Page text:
Reason I ask I know a series can converge but then when you apply the absolute convergence test it may diverge. I understand this part. One concludes absolute convergence is a stronger condition!

But what happens if the original series diverges and the terms are negative , how do I know that by making it positive it won't become convergent? In this scenario you would never know that absolute convergence was the strongest condition.

The solution would be that it makes no mathematical sense to apply absolute convergence to a divergent series. Or is this just by definition maybe?

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    $\begingroup$ Sorry, maybe I didn't understand your doubt but isn't $\sum a_n$ diverges, with $a_n$ negative $\implies \sum |a_n|=-\sum a_n$ also diverges? $\endgroup$ – user Feb 12 '18 at 17:34
  • $\begingroup$ The contrapositive of the statement “any absolutely convergent series is also convergent” is “any divergent series is also absolutely divergent”, which is of course true. It perfectly makes sense to apply this statement, but simply it adds no new information on your divergent series. $\endgroup$ – Sangchul Lee Feb 12 '18 at 17:38

As you know and stated,

If a series is absolutely convergent, then it is convergent.

By contrapositive:

If a series is divergent, then it is not absolutely convergent.

So indeed, performing an absolute convergence test on a divergent series is pointless: you know the answer already.

For your specific point (to which the above of course applies, but can be dealt with more specifically as well): theorems for positive series apply to negative series as well. This is simply because $\sum_n a_n$ converges iff $\sum_n (-a_n)$ converges.

  • $\begingroup$ is that not exactly my point? $\endgroup$ – Guy Fsone Feb 12 '18 at 17:40
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    $\begingroup$ @GuyFsone The point you made while I was typing my answer and that I only saw after I posted it (and doesn't include the last paragraph)? Yes, I reckon. $\endgroup$ – Clement C. Feb 12 '18 at 17:42

If the original series diverges then it cannot possibly be absolutely convergent.

Hint: Cauchy criterion for convergence. For all $m > n$ sufficiently large

$$\left|\sum_{k=n}^m a_k\right| \leqslant \sum_{k=n}^m |a_k| < \epsilon$$

  • $\begingroup$ is your argument similar to mine, or I am wrong? Thanks $\endgroup$ – user Feb 12 '18 at 17:44
  • $\begingroup$ @gimusi: Mine is just a hint. There is nothing wrong with yours or any of these answers. I added an upvote to your answer. $\endgroup$ – RRL Feb 12 '18 at 18:14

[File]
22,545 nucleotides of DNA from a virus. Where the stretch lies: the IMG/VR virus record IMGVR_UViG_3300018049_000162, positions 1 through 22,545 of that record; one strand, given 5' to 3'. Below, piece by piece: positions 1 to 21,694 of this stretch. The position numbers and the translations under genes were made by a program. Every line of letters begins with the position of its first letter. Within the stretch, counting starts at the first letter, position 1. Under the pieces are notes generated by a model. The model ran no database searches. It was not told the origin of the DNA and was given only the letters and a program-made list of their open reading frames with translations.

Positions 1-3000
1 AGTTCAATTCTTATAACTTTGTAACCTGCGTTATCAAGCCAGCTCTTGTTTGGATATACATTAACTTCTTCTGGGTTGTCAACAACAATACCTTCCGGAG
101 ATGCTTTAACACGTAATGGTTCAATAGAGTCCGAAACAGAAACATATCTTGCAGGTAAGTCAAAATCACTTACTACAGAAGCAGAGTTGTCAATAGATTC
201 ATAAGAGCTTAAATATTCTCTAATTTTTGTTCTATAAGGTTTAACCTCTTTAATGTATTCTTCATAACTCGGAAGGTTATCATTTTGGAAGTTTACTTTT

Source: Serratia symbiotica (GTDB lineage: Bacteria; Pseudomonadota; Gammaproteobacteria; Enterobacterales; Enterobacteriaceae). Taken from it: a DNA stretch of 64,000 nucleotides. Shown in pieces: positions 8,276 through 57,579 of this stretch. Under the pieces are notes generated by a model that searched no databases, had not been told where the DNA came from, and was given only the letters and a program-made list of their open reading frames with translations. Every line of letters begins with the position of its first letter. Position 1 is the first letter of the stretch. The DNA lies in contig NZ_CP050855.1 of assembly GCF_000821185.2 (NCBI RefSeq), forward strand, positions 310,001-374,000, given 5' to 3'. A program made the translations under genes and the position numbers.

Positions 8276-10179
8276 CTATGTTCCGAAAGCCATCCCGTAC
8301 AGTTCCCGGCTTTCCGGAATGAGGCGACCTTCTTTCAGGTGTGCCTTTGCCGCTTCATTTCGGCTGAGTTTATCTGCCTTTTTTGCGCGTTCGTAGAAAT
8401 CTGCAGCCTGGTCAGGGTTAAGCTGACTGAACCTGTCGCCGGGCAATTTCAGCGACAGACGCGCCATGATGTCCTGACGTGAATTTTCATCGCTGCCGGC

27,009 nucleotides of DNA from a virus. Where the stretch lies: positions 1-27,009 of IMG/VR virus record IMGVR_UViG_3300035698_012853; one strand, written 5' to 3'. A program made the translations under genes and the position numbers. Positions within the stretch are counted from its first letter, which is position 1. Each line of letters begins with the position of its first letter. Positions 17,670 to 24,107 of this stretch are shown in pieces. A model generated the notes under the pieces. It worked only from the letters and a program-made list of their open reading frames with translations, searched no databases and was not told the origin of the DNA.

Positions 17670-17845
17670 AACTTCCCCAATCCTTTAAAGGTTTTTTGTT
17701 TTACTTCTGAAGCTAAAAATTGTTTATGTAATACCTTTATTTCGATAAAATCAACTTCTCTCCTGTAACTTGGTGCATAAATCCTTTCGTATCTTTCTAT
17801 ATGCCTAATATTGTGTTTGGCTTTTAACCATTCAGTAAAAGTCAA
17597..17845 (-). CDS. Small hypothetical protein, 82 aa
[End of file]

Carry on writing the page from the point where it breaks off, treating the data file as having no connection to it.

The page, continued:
• $\begingroup$ Thanks I didn’t understand the downvotes and I was wondering if I was missing something in the OP. Thanks again! $\endgroup$ – user Feb 12 '18 at 18:17

Note that the following mathematical propositions are equivalent

$$(P\implies Q)\equiv (\neg Q\implies \neg P)$$

Now take

$P : $ (The series $\sum(a_n)_n$ converges absolutely )


$Q: $ ( The series $\sum(a_n)_n$ converges )

and we have,

((The series $\sum(a_n)_n$ converges absolutely ) $\implies$ The series $\sum(a_n)_n$ converges) )

Hence we have

((The series $\sum(a_n)_n$ diverges ) $\implies$ The series $\sum(a_n)_n$ diverges absolutely ) )

what can you conclude?


Note that if $\sum a_n$ diverges, with $a_n$ negative, also $\sum |a_n|=-\sum a_n$ diverges.

  • $\begingroup$ Could you please also explain what is wrong in this simple observation? Thanks $\endgroup$ – user Feb 12 '18 at 17:48

Let $a_n$ be any divergent series. Define $$b_n=\left\{ \begin{array}{lc} a_n & \mbox{ if } a_n \geq 0 \\ 0& \mbox{ if } a_n < 0 \\ \end{array} \right. \\ c_n=\left\{ \begin{array}{lc} -a_n & \mbox{ if } a_n < 0 \\ 0& \mbox{ if } a_n \geq \\ \end{array} \right. \\$$

Then, $\sum b_n, \sum c_n$ are non-negative series and $$\sum_{k=1}^n a_k =\left(\sum_{k=1}^n b_k \right)-\left(\sum_{k=1}^n c_k \right) \\ \sum_{k=1}^n |a_k| =\left(\sum_{k=1}^n b_k \right)+\left(\sum_{k=1}^n c_k \right) $$

Since $b_n, c_n$ are non-negative, the following results are obvious:

Lemma 1 If $\sum_{k=1}^\infty |a_k| <\infty$ then $$\sum_{k=1}^\infty b_k <\infty \\ \sum_{k=1}^\infty c_k <\infty$$

Lemma 2: If $\sum_{k=1}^\infty b_k, \sum_{k=1}^\infty c_k$ are convergent, then so is $$\sum_{k=1}^n a_k =\left(\sum_{k=1}^n b_k \right)-\left(\sum_{k=1}^n c_k \right) $$

It is easy to conclude from here that divergence of the series implies that $\sum_{k=1}^\infty |a_k|=\infty$.


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